A pamphlet written by a Sir Richard Haines spoke directly at England's need to become self-sufficient in hemp:
a further advantage by this planting of hemp, etc., will accrue towards making of sails, cables, and other cordage necessary for shipping, of which may be made at home, without being beholden to our neighbours for a commodity so important to navigation, parting with our money to strangers for it, as we usually do to a very great yearly value.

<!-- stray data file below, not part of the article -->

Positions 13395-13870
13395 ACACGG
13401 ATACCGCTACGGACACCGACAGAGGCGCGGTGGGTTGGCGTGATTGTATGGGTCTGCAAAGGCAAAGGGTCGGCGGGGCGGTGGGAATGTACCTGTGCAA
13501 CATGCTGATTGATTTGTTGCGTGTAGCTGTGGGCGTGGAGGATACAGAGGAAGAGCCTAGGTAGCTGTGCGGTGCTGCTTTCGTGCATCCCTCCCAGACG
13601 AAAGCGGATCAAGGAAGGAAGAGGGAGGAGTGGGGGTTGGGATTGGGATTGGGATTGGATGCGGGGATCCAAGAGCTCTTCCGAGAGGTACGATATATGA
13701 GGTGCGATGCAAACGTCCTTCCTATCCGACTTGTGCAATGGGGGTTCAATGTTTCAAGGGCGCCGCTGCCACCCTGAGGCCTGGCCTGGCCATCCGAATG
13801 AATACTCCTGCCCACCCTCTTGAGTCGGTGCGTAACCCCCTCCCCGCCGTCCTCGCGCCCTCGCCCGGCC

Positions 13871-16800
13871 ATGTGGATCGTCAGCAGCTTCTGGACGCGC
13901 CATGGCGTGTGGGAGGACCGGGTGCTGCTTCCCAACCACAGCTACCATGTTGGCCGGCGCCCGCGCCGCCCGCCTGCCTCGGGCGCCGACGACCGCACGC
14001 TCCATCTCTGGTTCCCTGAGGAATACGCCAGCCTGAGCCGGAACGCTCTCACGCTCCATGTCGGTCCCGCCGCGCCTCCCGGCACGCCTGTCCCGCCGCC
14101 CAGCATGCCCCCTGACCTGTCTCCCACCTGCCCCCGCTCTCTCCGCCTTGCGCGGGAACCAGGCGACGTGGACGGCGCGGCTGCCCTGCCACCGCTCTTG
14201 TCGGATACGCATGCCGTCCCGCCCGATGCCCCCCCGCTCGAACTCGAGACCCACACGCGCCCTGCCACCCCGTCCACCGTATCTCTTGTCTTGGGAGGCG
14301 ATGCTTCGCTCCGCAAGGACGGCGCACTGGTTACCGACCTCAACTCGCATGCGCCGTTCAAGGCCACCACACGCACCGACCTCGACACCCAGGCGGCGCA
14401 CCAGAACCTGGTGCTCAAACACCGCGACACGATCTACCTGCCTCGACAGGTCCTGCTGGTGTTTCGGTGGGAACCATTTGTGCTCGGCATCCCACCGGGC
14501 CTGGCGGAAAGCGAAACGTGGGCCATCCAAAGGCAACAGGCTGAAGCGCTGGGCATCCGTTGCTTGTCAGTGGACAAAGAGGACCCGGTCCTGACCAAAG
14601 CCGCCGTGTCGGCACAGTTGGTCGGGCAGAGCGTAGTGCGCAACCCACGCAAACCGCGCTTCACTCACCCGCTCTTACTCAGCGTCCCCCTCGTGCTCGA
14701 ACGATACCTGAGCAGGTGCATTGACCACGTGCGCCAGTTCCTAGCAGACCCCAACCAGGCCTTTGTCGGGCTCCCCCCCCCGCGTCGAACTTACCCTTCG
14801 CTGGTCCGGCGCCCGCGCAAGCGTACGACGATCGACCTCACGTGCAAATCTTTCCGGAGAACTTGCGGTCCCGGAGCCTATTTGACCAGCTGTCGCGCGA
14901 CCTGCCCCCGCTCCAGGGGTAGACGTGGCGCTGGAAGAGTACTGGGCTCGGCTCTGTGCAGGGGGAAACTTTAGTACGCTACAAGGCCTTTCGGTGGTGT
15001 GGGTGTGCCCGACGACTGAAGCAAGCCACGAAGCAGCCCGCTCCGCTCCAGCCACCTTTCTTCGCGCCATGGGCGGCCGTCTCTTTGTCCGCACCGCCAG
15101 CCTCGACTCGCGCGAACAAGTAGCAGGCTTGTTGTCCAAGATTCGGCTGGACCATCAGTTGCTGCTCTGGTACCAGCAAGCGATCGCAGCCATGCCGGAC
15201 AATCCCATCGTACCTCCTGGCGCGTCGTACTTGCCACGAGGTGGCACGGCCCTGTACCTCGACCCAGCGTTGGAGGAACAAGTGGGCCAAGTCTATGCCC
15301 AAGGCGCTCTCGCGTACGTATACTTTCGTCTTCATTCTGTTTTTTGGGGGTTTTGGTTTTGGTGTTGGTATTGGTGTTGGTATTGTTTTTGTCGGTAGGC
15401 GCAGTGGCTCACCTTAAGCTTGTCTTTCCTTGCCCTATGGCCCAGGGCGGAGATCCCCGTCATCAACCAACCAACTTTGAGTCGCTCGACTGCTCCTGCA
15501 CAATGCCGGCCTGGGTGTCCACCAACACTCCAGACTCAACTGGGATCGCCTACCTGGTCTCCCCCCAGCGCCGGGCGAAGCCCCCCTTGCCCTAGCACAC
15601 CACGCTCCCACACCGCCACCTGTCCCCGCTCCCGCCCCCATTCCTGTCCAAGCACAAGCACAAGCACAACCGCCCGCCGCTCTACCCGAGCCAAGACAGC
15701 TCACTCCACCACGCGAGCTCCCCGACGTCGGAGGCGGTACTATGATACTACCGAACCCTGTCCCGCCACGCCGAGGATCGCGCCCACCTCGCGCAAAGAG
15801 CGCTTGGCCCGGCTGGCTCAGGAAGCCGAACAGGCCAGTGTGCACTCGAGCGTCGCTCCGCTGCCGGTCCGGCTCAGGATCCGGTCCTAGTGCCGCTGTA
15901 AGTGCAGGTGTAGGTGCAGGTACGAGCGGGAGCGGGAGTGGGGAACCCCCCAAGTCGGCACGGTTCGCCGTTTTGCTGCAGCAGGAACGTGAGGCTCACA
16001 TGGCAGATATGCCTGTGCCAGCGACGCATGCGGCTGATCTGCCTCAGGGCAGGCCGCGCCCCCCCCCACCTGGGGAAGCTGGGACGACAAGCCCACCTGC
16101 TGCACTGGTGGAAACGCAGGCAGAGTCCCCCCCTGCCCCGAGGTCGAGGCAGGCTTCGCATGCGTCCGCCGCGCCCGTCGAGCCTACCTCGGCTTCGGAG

To induce hemp workers who were fleeing persecution in Europe to seek refuge in England, Parliament passed a law in 1663 that any foreigner who settled in England or Wales and established a hemp-related industry within three years would, upon taking the oath of allegiance to the king, be accorded the same rights and privileges as natural-born citizens.
But despite all her efforts to induce her own farmers at home to comply with the laws to raise hemp, and the inducements she offered refugees abroad to come to England if they promised to practice their trades once they got there, there was never enough hemp. Faced with failure at home, the monarchy turned to her loyal subjects abroad for cooperation.
References and Notes